Governor Susan Kihika’s Shift to Enhance High-Quality Maternal, and Neonatal Care in Nakuru Hospitals
Written by Ruth Magak
World Health Organization has previously reported an increasing trend in pre-term infant deliveries and deaths. Nakuru is no exception from the many counties and regions that have experienced this. However, H.E. Governor Susan Kihika took office in 2022 with a particular interest in helping build the capacity of more healthcare workers across the county to help reduce infant mortalities at all costs.
One of the primary interventions H.E. Governor Susan Kihika advocates for has been to maximize result-oriented approaches like the Kangaroo Mother Care (KMC), which is a cost-effective initial substitute, and medical practitioners are directly involved in providing and guiding mothers in caring for premature babies.
Through her support, the County’s Department of Health activated training of all midwives across all health facilities to ensure all healthcare workers were refreshed and had the required skills and capacity to handle pre-term babies at all levels of care. The fundamental goal for Governor Susan is to ensure that this approach will enhance the medical staff’s knowledge to reduce the infant mortality rate as a boost to maternal, and neonatal health.
Today, Gilgil Sub County Hospital takes pride in the remarkable improvement in its care for preterm babies since the introduction of Kangaroo Mother Care (KMC) a technique that has mothers carrying their infants with skin-to-skin contact, with the hope that they will gain weight and normally grow to maturity.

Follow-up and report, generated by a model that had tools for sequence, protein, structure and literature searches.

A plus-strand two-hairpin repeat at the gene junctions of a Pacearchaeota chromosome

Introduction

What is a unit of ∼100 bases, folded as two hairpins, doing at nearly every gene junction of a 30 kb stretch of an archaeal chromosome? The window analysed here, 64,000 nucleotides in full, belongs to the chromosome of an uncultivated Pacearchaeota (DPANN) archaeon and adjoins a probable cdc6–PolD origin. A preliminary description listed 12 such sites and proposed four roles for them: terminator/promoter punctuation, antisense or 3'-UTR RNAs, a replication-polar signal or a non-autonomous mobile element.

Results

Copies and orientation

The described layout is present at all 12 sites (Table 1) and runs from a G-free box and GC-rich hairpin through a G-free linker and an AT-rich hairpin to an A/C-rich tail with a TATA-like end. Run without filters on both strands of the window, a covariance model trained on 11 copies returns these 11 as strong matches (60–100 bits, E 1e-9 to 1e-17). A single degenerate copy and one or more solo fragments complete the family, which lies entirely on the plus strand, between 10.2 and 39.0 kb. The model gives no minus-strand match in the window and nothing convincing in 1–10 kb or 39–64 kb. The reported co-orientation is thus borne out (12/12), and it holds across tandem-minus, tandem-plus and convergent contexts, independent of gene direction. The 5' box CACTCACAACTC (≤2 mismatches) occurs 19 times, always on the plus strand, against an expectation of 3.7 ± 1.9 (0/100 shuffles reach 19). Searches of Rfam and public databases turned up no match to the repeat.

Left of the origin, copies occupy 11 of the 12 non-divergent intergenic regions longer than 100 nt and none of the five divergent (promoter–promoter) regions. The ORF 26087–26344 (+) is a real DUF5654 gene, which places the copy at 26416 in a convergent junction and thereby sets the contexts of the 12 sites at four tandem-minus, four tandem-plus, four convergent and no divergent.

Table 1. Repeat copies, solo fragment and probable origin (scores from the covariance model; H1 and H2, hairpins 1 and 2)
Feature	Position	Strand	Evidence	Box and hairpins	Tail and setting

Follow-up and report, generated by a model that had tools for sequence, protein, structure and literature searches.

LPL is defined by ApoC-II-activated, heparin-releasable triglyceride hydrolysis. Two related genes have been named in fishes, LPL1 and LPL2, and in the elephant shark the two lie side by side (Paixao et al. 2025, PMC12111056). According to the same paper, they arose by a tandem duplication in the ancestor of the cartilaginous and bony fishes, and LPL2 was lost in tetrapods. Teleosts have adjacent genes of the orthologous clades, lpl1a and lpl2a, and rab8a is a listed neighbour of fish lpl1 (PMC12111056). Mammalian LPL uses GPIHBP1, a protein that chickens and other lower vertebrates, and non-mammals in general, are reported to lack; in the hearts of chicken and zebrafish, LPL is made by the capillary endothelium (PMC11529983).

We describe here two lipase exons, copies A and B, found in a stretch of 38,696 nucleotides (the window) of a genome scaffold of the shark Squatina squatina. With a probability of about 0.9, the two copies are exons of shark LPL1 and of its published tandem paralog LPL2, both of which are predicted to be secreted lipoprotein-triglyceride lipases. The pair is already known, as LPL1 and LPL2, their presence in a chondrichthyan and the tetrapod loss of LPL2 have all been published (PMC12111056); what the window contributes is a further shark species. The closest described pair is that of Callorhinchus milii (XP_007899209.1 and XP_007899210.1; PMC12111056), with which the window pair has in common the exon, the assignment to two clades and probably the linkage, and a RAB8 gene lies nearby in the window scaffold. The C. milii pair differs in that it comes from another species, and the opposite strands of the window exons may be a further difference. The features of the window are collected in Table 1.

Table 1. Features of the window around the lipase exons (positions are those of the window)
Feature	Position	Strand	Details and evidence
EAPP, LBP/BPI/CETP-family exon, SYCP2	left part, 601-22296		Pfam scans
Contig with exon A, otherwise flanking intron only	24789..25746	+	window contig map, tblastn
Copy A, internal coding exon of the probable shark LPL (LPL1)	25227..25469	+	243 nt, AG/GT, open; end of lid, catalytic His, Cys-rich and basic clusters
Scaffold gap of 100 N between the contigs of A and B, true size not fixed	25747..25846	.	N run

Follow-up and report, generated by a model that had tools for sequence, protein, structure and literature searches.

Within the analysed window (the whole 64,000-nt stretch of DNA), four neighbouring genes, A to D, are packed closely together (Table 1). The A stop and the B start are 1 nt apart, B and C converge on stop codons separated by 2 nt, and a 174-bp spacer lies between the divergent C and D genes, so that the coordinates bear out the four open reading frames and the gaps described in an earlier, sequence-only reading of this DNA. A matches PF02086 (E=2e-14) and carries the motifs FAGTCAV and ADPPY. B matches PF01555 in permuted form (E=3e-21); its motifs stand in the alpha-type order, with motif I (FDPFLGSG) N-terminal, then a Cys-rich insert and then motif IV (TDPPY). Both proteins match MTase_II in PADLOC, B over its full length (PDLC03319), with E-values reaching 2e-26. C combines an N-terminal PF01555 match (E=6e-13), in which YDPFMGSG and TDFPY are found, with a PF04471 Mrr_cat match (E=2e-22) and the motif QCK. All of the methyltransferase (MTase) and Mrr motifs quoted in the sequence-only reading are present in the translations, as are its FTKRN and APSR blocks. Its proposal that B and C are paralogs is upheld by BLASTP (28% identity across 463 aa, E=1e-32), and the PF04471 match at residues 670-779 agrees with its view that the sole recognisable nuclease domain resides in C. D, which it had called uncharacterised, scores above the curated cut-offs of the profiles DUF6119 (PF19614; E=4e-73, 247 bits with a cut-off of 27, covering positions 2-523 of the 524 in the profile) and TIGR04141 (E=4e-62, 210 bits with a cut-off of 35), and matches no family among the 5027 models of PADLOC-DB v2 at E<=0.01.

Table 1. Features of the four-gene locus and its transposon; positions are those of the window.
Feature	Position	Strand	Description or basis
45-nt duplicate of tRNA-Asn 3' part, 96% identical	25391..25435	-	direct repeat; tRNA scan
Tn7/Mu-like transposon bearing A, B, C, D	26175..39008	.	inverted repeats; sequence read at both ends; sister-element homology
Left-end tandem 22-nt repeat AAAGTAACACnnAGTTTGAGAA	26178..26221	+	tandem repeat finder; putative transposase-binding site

This technique was adapted from the Kangaroo animal’s style of caring for young ones by keeping them close to their body (in the pouch) until they have developed sufficiently to leave the mother’s pouch.
Gilgil Sub County Hospital is one of the high volume level 4 facilities in Nakuru having over 200 deliveries every month but operates with only two incubators. Previously, infant mortalities resulted from hospitals not being well equipped to handle the care of preterm babies due to the few incubators in low-income areas and understaffed neonatal staff or oftentimes inadequate skill to handle the same.
We meet Maureen Wanjiru, a 24-year-old mother of two, who recently got her second baby underweight at 700 grams in Gilgil Sub County Hospital.
Sitting on her bed talking to other mothers, Maureen holds her baby against her chest using the Kangaroo Mother Care (KMC) method the nurses showed her. Maureen shares a soft smile holding her baby as she knows her baby is doing well from all the great care provided by the medical staff at Gilgil Sub County Hospital.
“It can be tiring to carry a baby for more than eight hours with skin to skin, but I am glad that I did, my baby was smaller than a one-litre water bottle,” she says with tears of joy lingering in her eyes with awe at how she was given a chance to be with her baby.
“The nurses and doctors in Gilgil assisted me throughout the process of improving the babies’ condition. At first, I wanted them to put her in an incubator but I was convinced to do this because they were constantly available to assist and take care of me and my baby,” she said.
Today is two months since Moureen had her baby and we are proud to celebrate her journey as she narrates the quality of maternal care she got from Gilgil Sub County Hospital. Maureen remains a champion for young mothers and a testament to the quality of care provided by Nakuru County hospitals.
“We have seen a significant increase in infants developing with the care of their mothers,” says Esther Wangari, a midwife at Gilgil Sub County Hospital. Esther noted that the hospital has access to incubators for babies in dire situations, but once the infant has made some progress, they are handed over to the mother to begin the KMC method.
The success of the medical team having this high capacity has been through training driven through the Governor’s support with enhanced partnerships that have had a significant impact on the medical staff providing adequate quality health care services to mothers and children.